Contractors vie for Karara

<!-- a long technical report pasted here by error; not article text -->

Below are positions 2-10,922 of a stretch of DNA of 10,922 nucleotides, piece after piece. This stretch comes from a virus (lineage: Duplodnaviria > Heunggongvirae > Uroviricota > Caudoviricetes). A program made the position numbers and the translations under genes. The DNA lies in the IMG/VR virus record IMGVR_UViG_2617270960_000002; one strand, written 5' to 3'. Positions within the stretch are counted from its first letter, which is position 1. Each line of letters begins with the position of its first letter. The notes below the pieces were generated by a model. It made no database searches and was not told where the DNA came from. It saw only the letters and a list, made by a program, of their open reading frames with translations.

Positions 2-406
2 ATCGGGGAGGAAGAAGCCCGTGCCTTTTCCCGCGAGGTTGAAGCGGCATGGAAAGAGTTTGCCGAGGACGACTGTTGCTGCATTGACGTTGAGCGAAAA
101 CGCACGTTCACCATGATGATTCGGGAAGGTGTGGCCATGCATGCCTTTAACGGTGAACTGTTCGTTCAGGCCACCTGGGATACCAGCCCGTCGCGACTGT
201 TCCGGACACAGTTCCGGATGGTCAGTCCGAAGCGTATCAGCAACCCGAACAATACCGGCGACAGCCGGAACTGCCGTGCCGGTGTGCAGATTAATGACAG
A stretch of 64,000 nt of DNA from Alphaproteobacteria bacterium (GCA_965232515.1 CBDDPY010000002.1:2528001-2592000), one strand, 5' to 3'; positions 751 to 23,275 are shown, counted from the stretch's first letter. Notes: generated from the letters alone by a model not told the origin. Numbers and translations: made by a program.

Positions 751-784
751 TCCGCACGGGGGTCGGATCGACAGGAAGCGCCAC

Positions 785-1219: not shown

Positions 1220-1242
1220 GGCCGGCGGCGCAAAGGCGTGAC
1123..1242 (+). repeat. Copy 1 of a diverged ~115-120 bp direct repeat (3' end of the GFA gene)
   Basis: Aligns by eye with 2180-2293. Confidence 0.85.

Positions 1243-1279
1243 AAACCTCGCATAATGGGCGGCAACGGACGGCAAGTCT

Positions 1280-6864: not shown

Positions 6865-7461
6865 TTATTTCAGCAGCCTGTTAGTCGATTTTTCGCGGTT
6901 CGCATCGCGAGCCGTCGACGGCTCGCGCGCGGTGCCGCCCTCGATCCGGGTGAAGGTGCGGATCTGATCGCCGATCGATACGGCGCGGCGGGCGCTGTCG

The commodities meltdown has created plenty of collateral damage for the listed contractors as distressed mining clients scrap expansion plans and delay job extensions.The trend was evident over the past week with downbeat news from Macmahon and Brierty.The latter received a $12 million hit on Friday when Fortescue Metals Group terminated Brierty’s Cloudbreak mining contract six months earlier than expected.A few days earlier Macmahon unveiled a 41% slump in interim profit while downgrading its full-year outlook.But there could be better news ahead: Macmahon and Brierty are competing in a three-way shoot-out for the Karara mining contract, to be awarded by Gindalbie and its joint venture partner, China’s Ansteel.Finals tenders were recently submitted for the $1.8 billion hematite-magnetite operation at Karara, construction of which is being managed by Worley Parsons.The Metal Detective understands the mining contract is valued at roughly $850 million over six years, based on average material movement of 45 million tonnes per annum (30Mtpa magnetite and 15Mtpa hematite).It is believed that Macmahon – a joint venture between Brierty and Abigroup – and Downer EDI have submitted tenders for the job, to be awarded following final WA government clearances.The state’s Environmental Protection Authority is preparing a bulletin that will make a recommendation to WA Environment Minister Donna Faragher on the long-mooted development.“I am expecting a positive result, but it might be three or four weeks before we know the outcome,” Gindalbie chairman George Jones told Dow Jones Newswires last week.The other potential hold-up is Australia’s Foreign Investment Review Board, which is considering Gindalbie’s $162 million share placement to Ansteel.The latter deal effectively cleared the last financial hurdle for Karara when shareholders overwhelmingly backed it a few weeks ago.But Ansteel will nearly treble its ownership of Gindalbie to 36%, a result that may attract the attention of Treasurer Wayne Swan.Jones concedes he is “concerned” about FIRB delays, due to the emotional debate on Chinese investment spawned by the Rio Tinto-Chinalco and OZ Minerals-Minmetals deals.“I have no doubt the treasurer [Wayne Swan] is lumping all these [China deals] together and considering the whole picture,” Jones said.“I’m confident it will be approved; it is just time,” he said, adding that it “could be another month” before a decision is made.Like Jones, the Metal Detective believes that Swan – and WA’s environment minister – will see sense and approve the significant new iron ore project.In a climate where some other big mines are closing or winding back (BHP Billiton’s Ravensthorpe springs to mind), Karara would generate up to 1200 construction jobs, 500 permanent positions, and a long-term royalties stream.Iron ore is one of the few sectors still capable of generating major contracting jobs, despite analysts tipping a 20-40% price slump in the current round of benchmark talks.Gold work should be on the rise, given bullion’s stellar price performance in recent months, but the lack of discoveries means major new projects are scarce.As for Olympic Dam, base metals’ great white hope, the multi-billion dollar copper-uranium expansion looks like staying in the ground for many years yet following management and funding moves at owner BHP Billiton. Macmahon chief executive officer Nick Bowen can take some comfort from his decision, a few years back, to target bulk commodities as opposed to more volatile base and precious metals.But his iron ore and coal focus wasn’t enough to prevent December half profit sliding to $14.1 million, compared with $23.7 million a year earlier.Disappointingly, guidance for the firm’s fiscal 2009 annual profit was downgraded from $48 million to $40 million, due to production cutbacks in underground operations and wet weather impacting Queensland coal contracts.Broker ABN, which has a buy on the stock, says government work represents close to half the company’s $1.9 billion order book, with Rio Tinto and BHP accounting for a combined 27%.Macmahon may have relatively strong growth prospects in public infrastructure, but the mining order book has fallen by 26%, with “the short-term outlook remaining uncertain”, ABN said.Outside of Karara, emerging opportunities include BHP’s $US4.8 billion RGP5 expansion project, ABN said, where Macmahon is tendering in a consortium for $750 million of work.There are LNG opportunities, while Rio has “indicated that some of its iron ore expansion plans may come back online”, the broker says.Meanwhile, Macmahon is also looking at “redeploying its specialist underground expertise to areas outside mining (e.g., tunnels) and selected pursuit of overseas work”, the broker says.

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